Kenneth has always been fascinated by his dreams. In some ways that was part of his problem. He knew the doctors had labeled it; they called it paranoid schizophrenia. Kenneth knew the only problem he ever had was he liked to dream. His favorite were the daydreams. He could drift into a daydream any time he liked. Kenneth would often do it right in front of people he wanted to entertain. He would dream of being a child or an angry bitter old man. It worked he thought. Kenneth was not as interested in the other dreams he had; the ones he had at night. They were not of his control. He would often feel hurt or lost. Most of the night dreams started when he was about seven, and for a while they were bad, real bad.
They were not like the dreams of a normal person his mom would say; normal people don't bleed in their dreams.
She told kennith to never tell anybody about that part, the blood. As the years past he would wake up fewer and fewer times with the sticky brown red mess that covered his body. Kenneth had often heard the stories of the poor souls in school that wet the bed. He remembered the aweful torment those kids went through, and he knew what he would endure if any of those boys on the playground ever found out about his dreams.
The dreams Kenneth had at night started the night his grandfather died. He remembered it like it had happend that afternoon. Kenneth had been working in the yard with his grandfather all day. He knew the reward for his sweat as he watched his friends play would be a crispy five-dollar bill. They were installing a sprinkler system. Kenneth had dug what seemed to be miles of trench for the PVC pipe. His grandfather was now digging because there was a large tree root that needed to be cut. He had had to do this twice before because of the large oaks in the yard. Then like something out of a horror movie the ground around the shovel exploded. Kenneth's grandfather was knocked back twenty feet from the crater that looked like molten glass and semi melted shovel. Kenneth wanted to run inside, but every thing was a glare. Then he saw his grandfather lying on the ground. Kenneth ran like he never did. His grandfather looked normal at first lying on the ground; then, as if he were sweating, blood started to seep from his grandfather skin. Within seconds his grandfather was covered with thick red blood. Kenneth's grandfather was dead killed by an underground high voltage line. Kenneth's grandfather had cut the power line in half with the shovel. One of the paramedics that responded mentioned seeing a patient sweet blood before. He said it sometimes happens when someone experiences a severe and unexpected trauma. He told Kenneth's mom that the capillaries near the surface of the skin can rupture and the blood flows from the sweat glands.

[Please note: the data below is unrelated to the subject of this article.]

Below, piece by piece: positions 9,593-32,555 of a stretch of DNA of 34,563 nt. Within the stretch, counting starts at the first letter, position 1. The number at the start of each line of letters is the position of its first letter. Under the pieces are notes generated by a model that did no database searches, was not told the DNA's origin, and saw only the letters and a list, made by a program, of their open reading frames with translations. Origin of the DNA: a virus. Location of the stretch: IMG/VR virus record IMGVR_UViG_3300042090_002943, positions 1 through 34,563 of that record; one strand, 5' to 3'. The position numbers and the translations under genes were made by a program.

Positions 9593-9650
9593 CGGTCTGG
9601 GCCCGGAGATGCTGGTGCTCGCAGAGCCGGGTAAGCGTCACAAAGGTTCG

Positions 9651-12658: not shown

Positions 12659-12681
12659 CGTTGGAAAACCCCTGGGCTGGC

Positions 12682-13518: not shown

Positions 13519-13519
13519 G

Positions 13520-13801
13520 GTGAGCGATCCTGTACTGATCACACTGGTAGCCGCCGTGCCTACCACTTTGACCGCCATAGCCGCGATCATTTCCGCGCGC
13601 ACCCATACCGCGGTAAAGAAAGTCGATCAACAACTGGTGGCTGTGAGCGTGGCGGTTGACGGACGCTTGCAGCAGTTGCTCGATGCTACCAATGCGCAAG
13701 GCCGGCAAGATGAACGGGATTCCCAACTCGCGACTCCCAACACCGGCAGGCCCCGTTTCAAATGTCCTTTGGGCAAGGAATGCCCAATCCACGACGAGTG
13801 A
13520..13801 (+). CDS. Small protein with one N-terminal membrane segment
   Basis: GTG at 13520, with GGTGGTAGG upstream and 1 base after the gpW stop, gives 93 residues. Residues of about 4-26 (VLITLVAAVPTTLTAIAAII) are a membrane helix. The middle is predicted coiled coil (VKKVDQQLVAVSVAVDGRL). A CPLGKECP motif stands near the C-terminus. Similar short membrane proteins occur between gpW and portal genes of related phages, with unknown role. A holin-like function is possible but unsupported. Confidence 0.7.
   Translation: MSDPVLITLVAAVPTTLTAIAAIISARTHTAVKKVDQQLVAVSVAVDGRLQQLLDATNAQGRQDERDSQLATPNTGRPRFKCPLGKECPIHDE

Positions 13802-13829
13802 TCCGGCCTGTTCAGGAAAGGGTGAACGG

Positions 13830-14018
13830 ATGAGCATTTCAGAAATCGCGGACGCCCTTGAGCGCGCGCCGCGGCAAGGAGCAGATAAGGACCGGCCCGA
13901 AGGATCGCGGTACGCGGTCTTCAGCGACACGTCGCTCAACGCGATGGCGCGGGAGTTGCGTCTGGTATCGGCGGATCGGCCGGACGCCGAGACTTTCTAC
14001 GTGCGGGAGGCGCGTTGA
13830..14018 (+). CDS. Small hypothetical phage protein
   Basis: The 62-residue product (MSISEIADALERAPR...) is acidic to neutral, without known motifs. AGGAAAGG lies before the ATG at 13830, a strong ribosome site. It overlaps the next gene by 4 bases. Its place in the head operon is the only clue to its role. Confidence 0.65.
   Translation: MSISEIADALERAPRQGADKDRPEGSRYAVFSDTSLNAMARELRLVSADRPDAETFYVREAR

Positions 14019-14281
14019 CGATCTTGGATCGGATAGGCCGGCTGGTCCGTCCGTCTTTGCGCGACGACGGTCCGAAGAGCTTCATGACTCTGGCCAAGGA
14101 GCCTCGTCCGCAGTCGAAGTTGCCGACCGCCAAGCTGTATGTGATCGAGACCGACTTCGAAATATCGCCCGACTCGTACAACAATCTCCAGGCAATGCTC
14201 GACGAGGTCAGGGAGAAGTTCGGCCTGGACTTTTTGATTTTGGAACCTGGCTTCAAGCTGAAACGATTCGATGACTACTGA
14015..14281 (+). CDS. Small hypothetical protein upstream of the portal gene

That night He dreamed that he had been digging and cut the line. It was so vivid, so real. He felt the shovel heat up to what seemed to be a thousand degrees in his hand; the power pulse through his body; and then he felt the kick as if it were a Clydesdale kicking him square in the chest. He flew through the air like a cannon ball. As Kenneth rested on the ground he felt the relief of being free form the electricity, but then as if he had been listing to the paramedic word for word his skin began to ach and itch. He knew what was happing. The man in white with the little red toolbox who could do nothing for his grandfather had explained it in perfect detail. The microscopic vessels at the vary surface of his skin had begun to rupture. The blood flood from his pores like some thick sticky sweat. Kenneth remembered sitting up in bed trying to wipe the grime from his body he realized he was no longer dreaming, but the blood was still there as real as his fingers or his nose. Kenneth never told anybody about the blood. He never said a word to his doctors for fear they would think he was crazy.